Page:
Linebacker Jon Beason walked through the Panthers' locker room earlier this week with his surgically repaired right leg wrapped, his season lost to injury for the second straight year.
On the injured reserve list, Beason said he didn't want to talk about football because he can't do anything to help the Panthers on the field right now.
But fellow linebacker Thomas Davis that made Beason stop.
"It's a tribute to his tenacity and how he went through the rehab process and coming to grips with the situation and saying, I'm going to do this thing," Beason said.
"His body has responded well and I think he's playing better and better every week."
While the national attention has focused more on the comeback of Denver quarterback Peyton Manning this season, Davis's unprecedented return from three ACL surgeries on the same leg is worthy of consideration for comeback player of the year honors. Considering Davis is doing something no NFL player has done, the Panthers linebacker is both a medical and competitive marvel.
The loss of Beason earlier this season has pushed Davis back into a starting role and he has played with the same unflinching aggressiveness that marked his play before three knee injuries in three years threatened to end his playing career.
"He's a winner," defensive coordinator Sean McDermott said. "You love stories like this. At times I've got to remind myself what he's come back from.
"The great part about Thomas is the minute you try to cut him a little slack for that, he says, 'No coach, I should have made play X or play Z.' He's what you want in a professional athlete."
Starting in training camp, the Panthers have been careful with Davis, limiting his practice time and using him briefly in just one preseason game. Head coach Ron Rivera and his staff have also carefully monitored the number of plays Davis gets in each game, but his production and enthusiasm have made it difficult to keep him off the field.
"The hard part is you get in certain situations and you want to get a guy like that out on the field," Rivera said. "Were trying to keep Thomas between 35-45 plays a game. And the same thing with practice. We try to keep the wear and tear off him.
"The biggest thing we have to remember is hes barely 13 months removed from the last situation. Hopefully itll get better for him and hell continue to grow. Im really excited for him. I told Thomas I dont know if I could be more proud of a player thats come back from what he had and watched him play. Thats outstanding."
Play all 16?
Davis had a simple goal when this season began.
He wanted to play in all 16 regular-season games. Since the 2008 season ended, Davis had played in nine games because injuries. When he takes the field against Tampa Bay Sunday at Bank of America Stadium, Davis will be playing his ninth game this season.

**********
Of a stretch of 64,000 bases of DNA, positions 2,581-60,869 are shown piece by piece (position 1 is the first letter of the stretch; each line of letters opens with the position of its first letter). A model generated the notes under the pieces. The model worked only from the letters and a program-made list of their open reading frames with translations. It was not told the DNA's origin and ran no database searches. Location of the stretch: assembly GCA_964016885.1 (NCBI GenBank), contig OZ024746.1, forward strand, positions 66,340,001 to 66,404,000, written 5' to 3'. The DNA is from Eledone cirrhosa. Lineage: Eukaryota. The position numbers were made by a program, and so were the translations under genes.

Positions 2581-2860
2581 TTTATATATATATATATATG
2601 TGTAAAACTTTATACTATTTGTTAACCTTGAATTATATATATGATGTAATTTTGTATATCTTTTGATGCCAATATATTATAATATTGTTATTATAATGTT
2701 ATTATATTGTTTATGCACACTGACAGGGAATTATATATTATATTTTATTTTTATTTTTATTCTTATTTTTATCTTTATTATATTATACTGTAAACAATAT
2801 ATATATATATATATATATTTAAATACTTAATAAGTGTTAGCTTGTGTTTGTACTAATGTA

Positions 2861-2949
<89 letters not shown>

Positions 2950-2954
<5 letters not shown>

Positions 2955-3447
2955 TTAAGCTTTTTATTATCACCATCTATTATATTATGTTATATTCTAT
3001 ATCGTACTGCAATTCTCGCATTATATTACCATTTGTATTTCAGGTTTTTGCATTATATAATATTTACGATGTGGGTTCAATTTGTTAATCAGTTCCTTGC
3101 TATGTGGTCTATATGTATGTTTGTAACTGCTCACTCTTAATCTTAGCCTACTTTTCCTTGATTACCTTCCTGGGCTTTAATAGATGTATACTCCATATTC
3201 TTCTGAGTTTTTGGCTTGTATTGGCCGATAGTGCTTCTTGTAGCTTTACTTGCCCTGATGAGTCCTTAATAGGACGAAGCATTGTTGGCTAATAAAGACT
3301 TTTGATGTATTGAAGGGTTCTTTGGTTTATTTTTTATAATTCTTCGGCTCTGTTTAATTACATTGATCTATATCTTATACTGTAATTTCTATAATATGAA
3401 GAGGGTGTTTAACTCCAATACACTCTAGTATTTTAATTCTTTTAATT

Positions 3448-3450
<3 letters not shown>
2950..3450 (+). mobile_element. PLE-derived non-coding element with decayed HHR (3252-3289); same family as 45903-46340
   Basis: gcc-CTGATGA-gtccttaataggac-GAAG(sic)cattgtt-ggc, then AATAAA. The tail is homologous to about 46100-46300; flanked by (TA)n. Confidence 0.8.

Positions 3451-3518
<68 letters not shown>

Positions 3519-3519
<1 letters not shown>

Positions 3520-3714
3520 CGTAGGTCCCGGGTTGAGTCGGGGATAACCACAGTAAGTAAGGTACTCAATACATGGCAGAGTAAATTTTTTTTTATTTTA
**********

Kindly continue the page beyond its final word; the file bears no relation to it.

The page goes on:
Davis hasn't played every game he missed the New York Giants game due to a hamstring problem but he has started the past five games and has 45 tackles this season.
"(Missing) the Giants' game kind of took away from that goal but just being where I am I'm extremely excited," Davis said. "Given everything that has gone on in the past, for me to be in the starting lineup for whatever reason, just to be at this point and still standing strong and competing that's all I can ask."
Davis has done it with relentless rehabilitation work, grinding through the hard and painful process of strengthening his surgically repaired leg.
Like Sisyphus, the king in Greek mythology doomed to push a boulder up a hill only to have it roll back down eternally, Davis has spent too much of his career in the training room, chasing a recovery that keeps getting destroyed.
"A lot of people in their occupation they show up and, if you have a desk job, you show up and do your job," Beason said. "It's hard when you show up to that desk and there's a lock and key on it. Everybody in the building wants you to show up and work but you can't. That's how injuries are.
"To consistently have it happen to you is just bad luck. The thing to marvel about is how he just stays the course and keeps fighting because most people would have folded by now."
After the third injury last September, Vermillion said the first two days were difficult for Davis. Then he set the goal of becoming the first NFL player to come back from three reconstruction surgeries on the same knee.
To help him, Vermillion and his staff studied their rehabilitation program, tweaking it better fit Davis. Every day, Vermillion said, he or a member of his staff does extra work with Davis beyond what is standard.
"I did a self-examination," Vermillion said. "Are we missing something? Are we not doing enough of this? Are we doing too much of that?
"We've rehabilitated a lot of guys with the same program but not everybody fits into the same mold. We did a little more hip work, a little more core work. Thomas is not a Clydesdale. He's a thoroughbred. We have to treat him like the athlete he is."
Two weeks ago at Washington, Davis got hit in his thrice-injured knee and lay on the field for a moment.
Not again, he thought.
No, not again.
"It was one of those things when I was able to go back in the game, I was just thanking God," Davis said. "In the past when I've gone down, it hasn't turned out so well."